Killers (Indonesia/Japan, 2014)


Directed by Indonesian duo The Mo Brothers (Timo Tjahjanto and Kimo Stamboel), Killers is a psychological thriller starring Kazuki Kitamura as Nomura, a slick, good-looking serial killer in Japan who posts videos of his deeds online anonymously. Oka Antara of The Raid 2 (2014) is cast as Bayu, a journalist in Indonesia whose life has begun to fall apart due to a failed attempt at exposing a very powerful political figure. Bayu has seen Nomura’s videos and they somehow trigger his dark side to come to the surface when he is hijacked by a shady cab driver and his partner in crime while on his way home one night. A struggle ensues and Bayu kills both men, then records their dying breaths on video. He uploads it to the Internet and is then contacted by Nomura. The men develop a weird connection and Bayu goes from mild-mannered family man to a vengeful killer at Nomura’s urging, posting his kills online. Nomura, a true psychopath, believes Bayu to be a kindred spirit, urging the journalist to continue his downward spiral. He then shows up in Jakarta unexpectedly, further complicating things for Bayu.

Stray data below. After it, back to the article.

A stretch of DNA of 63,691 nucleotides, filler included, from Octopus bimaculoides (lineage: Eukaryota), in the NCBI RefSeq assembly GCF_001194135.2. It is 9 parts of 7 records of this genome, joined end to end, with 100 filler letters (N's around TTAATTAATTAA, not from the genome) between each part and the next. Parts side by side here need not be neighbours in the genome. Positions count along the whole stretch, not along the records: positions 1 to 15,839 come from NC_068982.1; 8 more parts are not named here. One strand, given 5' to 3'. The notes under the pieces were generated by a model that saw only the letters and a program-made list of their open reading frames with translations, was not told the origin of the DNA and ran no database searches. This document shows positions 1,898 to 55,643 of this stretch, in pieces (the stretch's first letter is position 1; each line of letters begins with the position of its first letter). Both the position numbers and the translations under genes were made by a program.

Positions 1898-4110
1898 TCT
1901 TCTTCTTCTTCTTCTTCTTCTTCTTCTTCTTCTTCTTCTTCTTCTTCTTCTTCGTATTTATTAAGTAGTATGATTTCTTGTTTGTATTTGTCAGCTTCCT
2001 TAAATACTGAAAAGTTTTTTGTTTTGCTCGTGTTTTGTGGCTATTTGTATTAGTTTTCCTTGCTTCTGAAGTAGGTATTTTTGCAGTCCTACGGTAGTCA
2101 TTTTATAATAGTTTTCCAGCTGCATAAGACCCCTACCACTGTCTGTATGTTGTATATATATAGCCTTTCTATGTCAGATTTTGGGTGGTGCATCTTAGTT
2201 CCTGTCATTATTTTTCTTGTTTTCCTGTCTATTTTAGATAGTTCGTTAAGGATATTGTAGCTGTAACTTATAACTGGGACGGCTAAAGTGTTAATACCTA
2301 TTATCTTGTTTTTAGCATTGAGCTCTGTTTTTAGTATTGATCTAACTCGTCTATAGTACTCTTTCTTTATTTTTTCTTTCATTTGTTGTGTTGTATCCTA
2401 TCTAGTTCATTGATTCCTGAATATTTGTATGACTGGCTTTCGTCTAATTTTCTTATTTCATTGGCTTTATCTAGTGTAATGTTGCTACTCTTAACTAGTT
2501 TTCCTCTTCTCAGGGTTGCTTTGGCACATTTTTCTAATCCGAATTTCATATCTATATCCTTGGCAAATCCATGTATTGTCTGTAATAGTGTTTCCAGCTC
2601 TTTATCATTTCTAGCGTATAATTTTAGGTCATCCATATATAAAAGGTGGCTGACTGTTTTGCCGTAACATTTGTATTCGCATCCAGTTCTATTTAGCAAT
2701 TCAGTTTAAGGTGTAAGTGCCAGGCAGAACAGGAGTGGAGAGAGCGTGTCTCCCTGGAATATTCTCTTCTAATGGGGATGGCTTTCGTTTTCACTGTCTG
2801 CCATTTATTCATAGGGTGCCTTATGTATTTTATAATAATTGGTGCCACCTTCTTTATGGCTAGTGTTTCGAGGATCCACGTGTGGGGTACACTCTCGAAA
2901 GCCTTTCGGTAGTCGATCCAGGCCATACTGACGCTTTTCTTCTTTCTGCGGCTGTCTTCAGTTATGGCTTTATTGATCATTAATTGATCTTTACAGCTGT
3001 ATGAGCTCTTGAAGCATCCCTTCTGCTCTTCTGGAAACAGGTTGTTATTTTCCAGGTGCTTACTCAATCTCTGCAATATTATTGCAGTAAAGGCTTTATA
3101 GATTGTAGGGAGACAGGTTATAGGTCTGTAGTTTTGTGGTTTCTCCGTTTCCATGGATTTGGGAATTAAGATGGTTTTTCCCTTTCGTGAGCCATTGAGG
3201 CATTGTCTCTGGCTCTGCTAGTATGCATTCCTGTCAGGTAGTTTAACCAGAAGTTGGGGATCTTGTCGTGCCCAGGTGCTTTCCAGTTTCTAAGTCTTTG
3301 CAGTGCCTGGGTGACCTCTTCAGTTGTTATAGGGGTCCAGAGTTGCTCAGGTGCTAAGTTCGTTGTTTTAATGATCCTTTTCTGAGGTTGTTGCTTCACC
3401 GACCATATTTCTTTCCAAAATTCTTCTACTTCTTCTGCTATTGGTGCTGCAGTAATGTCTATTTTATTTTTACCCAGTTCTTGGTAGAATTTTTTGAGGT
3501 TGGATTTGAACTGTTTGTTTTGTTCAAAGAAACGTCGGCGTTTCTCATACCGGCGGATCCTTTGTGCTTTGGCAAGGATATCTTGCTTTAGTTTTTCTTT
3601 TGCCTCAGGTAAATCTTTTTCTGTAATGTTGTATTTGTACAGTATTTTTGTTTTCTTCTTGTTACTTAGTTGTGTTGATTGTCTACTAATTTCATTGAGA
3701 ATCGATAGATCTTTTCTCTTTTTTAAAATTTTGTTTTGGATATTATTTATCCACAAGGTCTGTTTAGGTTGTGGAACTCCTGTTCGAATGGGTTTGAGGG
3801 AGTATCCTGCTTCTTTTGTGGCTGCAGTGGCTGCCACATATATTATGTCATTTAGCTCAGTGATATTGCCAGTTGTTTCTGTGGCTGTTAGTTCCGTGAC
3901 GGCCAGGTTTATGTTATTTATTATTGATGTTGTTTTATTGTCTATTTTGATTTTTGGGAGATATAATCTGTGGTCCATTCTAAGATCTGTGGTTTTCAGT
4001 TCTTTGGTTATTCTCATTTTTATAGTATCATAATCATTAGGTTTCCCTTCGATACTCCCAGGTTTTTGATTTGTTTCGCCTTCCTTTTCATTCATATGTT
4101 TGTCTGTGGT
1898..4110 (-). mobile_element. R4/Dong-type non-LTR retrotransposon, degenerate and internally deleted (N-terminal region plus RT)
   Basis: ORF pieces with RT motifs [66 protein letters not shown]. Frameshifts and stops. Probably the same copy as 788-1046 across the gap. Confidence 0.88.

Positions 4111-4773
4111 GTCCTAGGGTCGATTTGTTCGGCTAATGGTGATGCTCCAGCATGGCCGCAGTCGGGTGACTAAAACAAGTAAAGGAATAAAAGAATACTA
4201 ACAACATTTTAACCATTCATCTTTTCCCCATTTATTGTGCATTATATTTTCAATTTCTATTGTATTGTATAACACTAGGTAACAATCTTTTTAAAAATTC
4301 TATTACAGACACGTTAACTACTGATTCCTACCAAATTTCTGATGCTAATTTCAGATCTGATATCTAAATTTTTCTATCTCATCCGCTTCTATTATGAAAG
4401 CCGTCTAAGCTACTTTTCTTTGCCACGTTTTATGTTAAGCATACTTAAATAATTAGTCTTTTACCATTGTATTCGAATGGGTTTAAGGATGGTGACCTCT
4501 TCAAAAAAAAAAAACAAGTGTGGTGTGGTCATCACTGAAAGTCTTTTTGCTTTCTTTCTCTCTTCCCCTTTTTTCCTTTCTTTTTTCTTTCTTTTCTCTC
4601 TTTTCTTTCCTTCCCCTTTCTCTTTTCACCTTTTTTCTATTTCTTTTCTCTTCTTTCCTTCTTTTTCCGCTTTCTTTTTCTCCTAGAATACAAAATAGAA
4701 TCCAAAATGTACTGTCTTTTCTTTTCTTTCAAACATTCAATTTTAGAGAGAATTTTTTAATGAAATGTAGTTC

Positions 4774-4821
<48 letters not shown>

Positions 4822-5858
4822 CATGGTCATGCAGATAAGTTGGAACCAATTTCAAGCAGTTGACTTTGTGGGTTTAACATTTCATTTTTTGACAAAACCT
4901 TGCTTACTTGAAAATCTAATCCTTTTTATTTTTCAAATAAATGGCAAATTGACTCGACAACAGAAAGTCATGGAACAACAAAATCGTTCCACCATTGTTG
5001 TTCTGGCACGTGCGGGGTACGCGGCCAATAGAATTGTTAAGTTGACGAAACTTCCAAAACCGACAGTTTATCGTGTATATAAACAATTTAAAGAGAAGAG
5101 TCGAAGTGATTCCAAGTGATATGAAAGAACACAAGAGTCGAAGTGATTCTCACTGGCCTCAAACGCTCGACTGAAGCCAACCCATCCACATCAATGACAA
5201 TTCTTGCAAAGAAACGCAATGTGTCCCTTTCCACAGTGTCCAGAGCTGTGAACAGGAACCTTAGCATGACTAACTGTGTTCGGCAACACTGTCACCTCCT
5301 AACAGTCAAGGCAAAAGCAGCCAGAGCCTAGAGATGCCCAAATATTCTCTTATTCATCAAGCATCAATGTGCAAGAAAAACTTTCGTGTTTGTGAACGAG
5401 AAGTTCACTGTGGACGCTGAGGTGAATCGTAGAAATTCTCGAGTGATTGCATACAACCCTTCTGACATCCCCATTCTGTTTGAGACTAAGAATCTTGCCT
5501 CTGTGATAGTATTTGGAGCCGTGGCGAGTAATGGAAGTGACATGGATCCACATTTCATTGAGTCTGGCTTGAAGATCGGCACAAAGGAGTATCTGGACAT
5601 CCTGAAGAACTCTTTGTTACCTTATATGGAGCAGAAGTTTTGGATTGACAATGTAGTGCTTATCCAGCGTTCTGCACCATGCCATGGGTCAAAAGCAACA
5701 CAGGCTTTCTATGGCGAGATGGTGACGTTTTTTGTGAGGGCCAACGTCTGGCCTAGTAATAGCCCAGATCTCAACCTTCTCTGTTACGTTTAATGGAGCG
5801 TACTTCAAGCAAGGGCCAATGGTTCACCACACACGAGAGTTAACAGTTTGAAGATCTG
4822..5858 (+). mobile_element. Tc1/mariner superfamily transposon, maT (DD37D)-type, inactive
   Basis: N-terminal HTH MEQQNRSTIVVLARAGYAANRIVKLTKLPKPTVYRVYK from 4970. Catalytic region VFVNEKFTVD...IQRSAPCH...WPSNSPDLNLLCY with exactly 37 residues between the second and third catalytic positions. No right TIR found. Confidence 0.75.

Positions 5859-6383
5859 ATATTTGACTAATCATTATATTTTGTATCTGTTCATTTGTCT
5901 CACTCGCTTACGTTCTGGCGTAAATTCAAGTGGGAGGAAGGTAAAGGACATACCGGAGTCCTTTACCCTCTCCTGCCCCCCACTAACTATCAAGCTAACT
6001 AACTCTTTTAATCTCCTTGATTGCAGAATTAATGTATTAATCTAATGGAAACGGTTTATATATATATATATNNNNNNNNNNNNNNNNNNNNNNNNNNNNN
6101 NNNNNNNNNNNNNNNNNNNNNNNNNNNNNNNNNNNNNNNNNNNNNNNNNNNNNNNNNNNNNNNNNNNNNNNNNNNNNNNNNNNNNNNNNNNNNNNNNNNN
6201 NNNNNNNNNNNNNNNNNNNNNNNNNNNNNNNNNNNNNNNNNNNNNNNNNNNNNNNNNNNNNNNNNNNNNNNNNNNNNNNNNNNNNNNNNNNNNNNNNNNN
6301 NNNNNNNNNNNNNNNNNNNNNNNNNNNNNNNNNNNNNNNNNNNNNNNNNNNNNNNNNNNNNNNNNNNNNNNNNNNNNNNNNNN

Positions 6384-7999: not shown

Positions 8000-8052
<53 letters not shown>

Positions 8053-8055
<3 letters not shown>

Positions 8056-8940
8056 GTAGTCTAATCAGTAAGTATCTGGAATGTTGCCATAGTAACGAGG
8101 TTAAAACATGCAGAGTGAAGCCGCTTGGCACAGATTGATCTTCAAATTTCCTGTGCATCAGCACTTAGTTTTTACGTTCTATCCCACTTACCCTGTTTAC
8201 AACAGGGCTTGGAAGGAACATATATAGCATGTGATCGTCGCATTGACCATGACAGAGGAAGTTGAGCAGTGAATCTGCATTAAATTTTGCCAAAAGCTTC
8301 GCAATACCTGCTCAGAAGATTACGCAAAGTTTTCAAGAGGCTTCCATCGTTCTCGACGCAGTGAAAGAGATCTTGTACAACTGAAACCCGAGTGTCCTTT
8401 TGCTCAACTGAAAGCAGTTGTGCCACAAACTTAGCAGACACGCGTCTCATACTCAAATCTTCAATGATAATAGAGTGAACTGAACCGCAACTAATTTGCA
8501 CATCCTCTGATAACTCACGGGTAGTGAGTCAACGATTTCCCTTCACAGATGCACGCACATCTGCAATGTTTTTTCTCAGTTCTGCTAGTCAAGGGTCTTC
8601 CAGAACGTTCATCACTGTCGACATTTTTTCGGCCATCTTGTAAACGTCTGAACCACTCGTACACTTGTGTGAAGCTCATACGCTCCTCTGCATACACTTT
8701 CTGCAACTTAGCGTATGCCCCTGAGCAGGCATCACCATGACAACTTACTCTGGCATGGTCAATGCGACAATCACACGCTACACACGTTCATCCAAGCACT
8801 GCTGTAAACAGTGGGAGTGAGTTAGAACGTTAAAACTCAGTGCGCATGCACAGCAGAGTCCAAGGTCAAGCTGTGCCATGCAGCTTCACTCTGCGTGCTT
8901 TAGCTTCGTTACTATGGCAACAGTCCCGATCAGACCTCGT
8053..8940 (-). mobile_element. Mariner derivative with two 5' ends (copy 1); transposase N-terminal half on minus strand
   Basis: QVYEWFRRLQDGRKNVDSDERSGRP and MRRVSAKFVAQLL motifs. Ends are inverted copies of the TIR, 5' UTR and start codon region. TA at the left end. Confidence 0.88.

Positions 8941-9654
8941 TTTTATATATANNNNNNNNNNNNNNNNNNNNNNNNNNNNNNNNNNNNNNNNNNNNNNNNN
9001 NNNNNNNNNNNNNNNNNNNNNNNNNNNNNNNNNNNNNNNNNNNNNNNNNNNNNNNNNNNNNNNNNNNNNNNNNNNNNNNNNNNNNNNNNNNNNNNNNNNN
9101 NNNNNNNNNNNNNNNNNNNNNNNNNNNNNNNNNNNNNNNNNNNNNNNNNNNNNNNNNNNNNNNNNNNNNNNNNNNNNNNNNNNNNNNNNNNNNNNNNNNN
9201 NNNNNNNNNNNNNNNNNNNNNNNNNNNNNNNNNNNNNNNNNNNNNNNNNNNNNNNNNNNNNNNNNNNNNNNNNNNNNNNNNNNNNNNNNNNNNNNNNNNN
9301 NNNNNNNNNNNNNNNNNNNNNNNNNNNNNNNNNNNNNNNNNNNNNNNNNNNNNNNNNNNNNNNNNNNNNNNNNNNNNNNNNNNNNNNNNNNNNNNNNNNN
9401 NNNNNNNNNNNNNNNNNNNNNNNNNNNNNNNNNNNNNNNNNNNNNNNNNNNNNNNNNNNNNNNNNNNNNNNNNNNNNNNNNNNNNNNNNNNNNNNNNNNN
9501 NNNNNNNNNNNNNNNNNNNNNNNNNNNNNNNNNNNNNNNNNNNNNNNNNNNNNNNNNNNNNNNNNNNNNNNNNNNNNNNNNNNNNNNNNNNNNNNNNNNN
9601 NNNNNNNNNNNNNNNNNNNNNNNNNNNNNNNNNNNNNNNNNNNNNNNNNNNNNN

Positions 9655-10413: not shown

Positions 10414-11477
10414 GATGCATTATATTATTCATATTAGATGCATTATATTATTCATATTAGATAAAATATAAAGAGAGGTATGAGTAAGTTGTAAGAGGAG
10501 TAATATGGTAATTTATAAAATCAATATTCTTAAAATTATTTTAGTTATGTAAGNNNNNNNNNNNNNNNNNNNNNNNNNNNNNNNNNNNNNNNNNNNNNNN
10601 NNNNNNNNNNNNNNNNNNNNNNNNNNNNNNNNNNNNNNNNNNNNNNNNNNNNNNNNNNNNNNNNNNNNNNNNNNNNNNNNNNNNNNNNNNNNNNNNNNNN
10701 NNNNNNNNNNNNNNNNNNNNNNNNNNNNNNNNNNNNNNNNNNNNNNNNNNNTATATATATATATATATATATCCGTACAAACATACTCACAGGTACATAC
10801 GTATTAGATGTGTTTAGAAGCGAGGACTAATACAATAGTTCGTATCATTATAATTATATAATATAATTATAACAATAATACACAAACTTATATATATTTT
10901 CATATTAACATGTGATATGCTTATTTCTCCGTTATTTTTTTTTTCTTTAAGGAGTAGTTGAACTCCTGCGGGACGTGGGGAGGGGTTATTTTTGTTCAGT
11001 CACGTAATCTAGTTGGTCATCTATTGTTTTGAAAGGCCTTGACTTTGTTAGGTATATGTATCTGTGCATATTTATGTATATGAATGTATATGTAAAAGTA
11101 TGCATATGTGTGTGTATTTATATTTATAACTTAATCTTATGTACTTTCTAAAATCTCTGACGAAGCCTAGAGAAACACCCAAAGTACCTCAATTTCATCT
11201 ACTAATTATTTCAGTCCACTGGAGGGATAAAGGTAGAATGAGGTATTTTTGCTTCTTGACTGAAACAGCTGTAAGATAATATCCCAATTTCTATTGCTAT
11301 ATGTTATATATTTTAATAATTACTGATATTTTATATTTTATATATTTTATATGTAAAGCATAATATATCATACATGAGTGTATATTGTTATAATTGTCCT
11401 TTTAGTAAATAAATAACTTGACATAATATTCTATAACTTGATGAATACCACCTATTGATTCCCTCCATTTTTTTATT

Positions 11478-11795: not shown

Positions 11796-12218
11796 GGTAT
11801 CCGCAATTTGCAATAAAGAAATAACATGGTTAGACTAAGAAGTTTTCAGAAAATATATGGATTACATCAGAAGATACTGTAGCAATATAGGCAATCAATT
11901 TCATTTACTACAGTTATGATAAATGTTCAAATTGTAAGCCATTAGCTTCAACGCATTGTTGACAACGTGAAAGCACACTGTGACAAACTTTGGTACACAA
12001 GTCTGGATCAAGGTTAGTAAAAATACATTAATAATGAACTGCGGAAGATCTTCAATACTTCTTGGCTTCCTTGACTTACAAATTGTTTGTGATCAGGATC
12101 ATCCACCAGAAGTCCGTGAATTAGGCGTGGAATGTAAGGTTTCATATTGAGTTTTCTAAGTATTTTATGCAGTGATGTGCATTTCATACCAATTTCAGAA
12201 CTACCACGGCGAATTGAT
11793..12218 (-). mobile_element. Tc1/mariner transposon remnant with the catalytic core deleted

Overall, Killers is a great film, although its 137 minute running time may be a bit long for some. There is plenty of blood and gore, not to mention some very disturbing torture scenes, so the film is not for the squeamish. However, the real hook is the frightening story which has the cold and calculating Nomura toying with the vulnerable Bayu, right until the very end.

The characters themselves are an interesting contrast: Nomura is a slick and wealthy executive, experienced at torture and killing (which he enjoys), while Bayu stumbles through murderous situations, finding them to be a necessary and justifiable evil rather than a source of pleasure. Bayu makes many mistakes and Nomura watches with amusement. Nomura is reminiscent of Patrick Bateman of American Psycho (2000) in his cool detachment and lack of emotions while Bayu is somewhat sympathetic in his motivations and the predicament he ultimately finds himself in.

Killers is well-directed, has a fantastic script by Tjahjanto and producer Takuji Ushiyama, and the acting is superb. The compelling plot moves to an inevitable yet satisfying conclusion, leaving the viewer to ponder the ethical question of the possibility of murder being acceptable in certain situations. The Mo Brothers have delivered an entertaining and impressive thriller so I look forward to seeing more from this diabolical duo.